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Mission Community Services' 24 Hour Homeless fundraiser returns with $25,000 goal

7 Missionites will spend a full day unhoused to raise funds for medical mobile unit
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Last summer, seven Missionites spent 24 hours homeless as a fundraiser for Mission Community Services Society’s new medical RV. The event will shoot for $25,000 this year. /Mission Record Photo

Seven people will spend 24 hours homeless in Mission next month to raise money for Mission Community Services Society (MCSS) medical mobile unit.

It’s the second year for the 24-Hour Homeless fundraiser after the event raised $16,000 last summer. This time around, the goal is $25,000. 

MCSS board chair Roger Dowker, Mission Regional Chamber of Commerce executive director Miriam Bozman, school trustee Jash Bains,  Outlaws Smokehouse owner Trevor Elliot, realtor Kulbhir Bhatti, community volunteer Marilu Sachade and casting director Helen McCready will participate in the fundraiser. 

While seven is the current number signed on, MCSS executive director Nate McCready says there’s still time to join.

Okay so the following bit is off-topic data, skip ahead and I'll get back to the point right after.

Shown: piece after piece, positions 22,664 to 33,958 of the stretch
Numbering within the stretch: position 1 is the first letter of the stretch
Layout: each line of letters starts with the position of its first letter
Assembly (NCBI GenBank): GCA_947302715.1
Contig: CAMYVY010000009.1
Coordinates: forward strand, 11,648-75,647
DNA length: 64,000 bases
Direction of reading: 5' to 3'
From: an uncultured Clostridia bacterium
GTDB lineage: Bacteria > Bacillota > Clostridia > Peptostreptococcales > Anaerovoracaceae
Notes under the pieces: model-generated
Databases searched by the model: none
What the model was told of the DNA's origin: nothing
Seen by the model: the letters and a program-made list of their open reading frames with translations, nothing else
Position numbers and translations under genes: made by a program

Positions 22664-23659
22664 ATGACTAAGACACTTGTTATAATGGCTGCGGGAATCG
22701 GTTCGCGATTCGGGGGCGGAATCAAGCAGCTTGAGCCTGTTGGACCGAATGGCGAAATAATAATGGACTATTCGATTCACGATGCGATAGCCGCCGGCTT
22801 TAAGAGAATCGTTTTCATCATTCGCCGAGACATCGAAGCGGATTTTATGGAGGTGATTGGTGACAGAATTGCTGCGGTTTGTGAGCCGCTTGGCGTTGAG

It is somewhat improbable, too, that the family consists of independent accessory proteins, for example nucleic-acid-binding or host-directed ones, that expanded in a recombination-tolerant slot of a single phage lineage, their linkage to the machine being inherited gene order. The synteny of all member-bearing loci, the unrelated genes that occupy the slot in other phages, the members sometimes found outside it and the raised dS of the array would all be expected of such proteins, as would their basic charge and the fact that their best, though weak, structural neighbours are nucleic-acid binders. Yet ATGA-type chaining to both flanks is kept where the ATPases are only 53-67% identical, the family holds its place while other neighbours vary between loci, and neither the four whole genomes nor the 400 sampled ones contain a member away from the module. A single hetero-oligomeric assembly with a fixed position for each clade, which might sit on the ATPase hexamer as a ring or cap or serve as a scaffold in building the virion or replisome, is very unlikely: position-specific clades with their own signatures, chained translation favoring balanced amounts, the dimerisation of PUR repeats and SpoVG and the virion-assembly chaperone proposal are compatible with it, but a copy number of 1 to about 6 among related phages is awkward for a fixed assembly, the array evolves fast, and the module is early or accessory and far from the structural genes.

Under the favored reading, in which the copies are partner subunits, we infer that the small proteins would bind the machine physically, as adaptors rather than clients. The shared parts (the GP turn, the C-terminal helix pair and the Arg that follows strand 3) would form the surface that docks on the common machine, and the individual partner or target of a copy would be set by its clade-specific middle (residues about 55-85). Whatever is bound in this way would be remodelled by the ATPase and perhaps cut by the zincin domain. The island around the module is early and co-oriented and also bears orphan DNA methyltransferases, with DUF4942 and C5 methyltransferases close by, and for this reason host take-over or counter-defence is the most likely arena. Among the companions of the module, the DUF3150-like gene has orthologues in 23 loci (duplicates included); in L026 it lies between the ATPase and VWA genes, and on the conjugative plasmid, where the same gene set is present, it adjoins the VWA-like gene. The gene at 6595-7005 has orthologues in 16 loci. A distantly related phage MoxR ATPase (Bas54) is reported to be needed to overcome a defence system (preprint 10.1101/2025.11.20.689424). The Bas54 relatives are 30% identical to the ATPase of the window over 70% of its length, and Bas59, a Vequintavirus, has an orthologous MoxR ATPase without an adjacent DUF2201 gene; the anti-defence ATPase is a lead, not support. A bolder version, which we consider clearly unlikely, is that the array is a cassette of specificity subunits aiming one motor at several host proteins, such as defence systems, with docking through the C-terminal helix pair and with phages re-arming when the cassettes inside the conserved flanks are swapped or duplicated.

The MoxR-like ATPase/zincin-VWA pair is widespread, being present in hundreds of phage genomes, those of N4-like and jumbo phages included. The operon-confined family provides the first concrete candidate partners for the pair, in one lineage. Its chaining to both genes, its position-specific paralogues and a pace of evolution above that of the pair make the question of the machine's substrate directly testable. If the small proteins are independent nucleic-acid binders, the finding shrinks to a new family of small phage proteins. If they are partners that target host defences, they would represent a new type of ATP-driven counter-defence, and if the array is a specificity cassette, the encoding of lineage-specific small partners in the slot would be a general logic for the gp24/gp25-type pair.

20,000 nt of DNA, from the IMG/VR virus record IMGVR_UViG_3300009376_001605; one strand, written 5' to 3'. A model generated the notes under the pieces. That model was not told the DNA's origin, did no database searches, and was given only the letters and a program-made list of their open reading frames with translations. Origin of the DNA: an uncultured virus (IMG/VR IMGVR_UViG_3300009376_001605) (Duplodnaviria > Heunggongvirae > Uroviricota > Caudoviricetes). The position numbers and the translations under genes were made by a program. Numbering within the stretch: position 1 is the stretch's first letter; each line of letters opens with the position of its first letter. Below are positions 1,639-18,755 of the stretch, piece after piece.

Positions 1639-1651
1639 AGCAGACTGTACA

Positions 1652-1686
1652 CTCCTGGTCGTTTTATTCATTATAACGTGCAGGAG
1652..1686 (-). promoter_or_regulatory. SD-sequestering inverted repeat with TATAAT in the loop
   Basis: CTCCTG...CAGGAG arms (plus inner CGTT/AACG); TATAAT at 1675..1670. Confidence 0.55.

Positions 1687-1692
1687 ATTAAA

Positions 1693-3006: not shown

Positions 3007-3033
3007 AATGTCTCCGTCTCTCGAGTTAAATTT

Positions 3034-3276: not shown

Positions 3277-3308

Participants will begin their experience at the MCSS shelter on July 4 and face some of the same challenges that homeless people encounter every day, as part of building awareness. A case worker will check them in and perform an intake interview, they’ll stay overnight and will be subject to the same rules as any person staying at the shelter. 

They will arrive with no phones, cash, cards, keys or ID.  A case plan of tasks to be completed during their stay will be assigned the following morning.  The event concludes with a de-brief dinner to discuss their experience.

“It’s a look at some of those difficult struggles that people go through when they’re trying to become housed,” McCready said. 

McCready hopes participants will bring those stories back into their circle. 

“There’s still a lot of stigma and judgement that comes when working with homeless folks. So what we would hope is [participants] would come in, get the experience of it’s not as  simple as ‘get a job’. As a matter of fact, it’s pretty tough for some folks to get a job because they don’t have ID and they don’t have supports or perhaps they have an addiction and they can’t get treatment for it. So we would hope that they would learn some of those things,” McCready said. 

The funds raised will keep the mobile medical unit on the road. The unit aims to provide services to marginalized communities 



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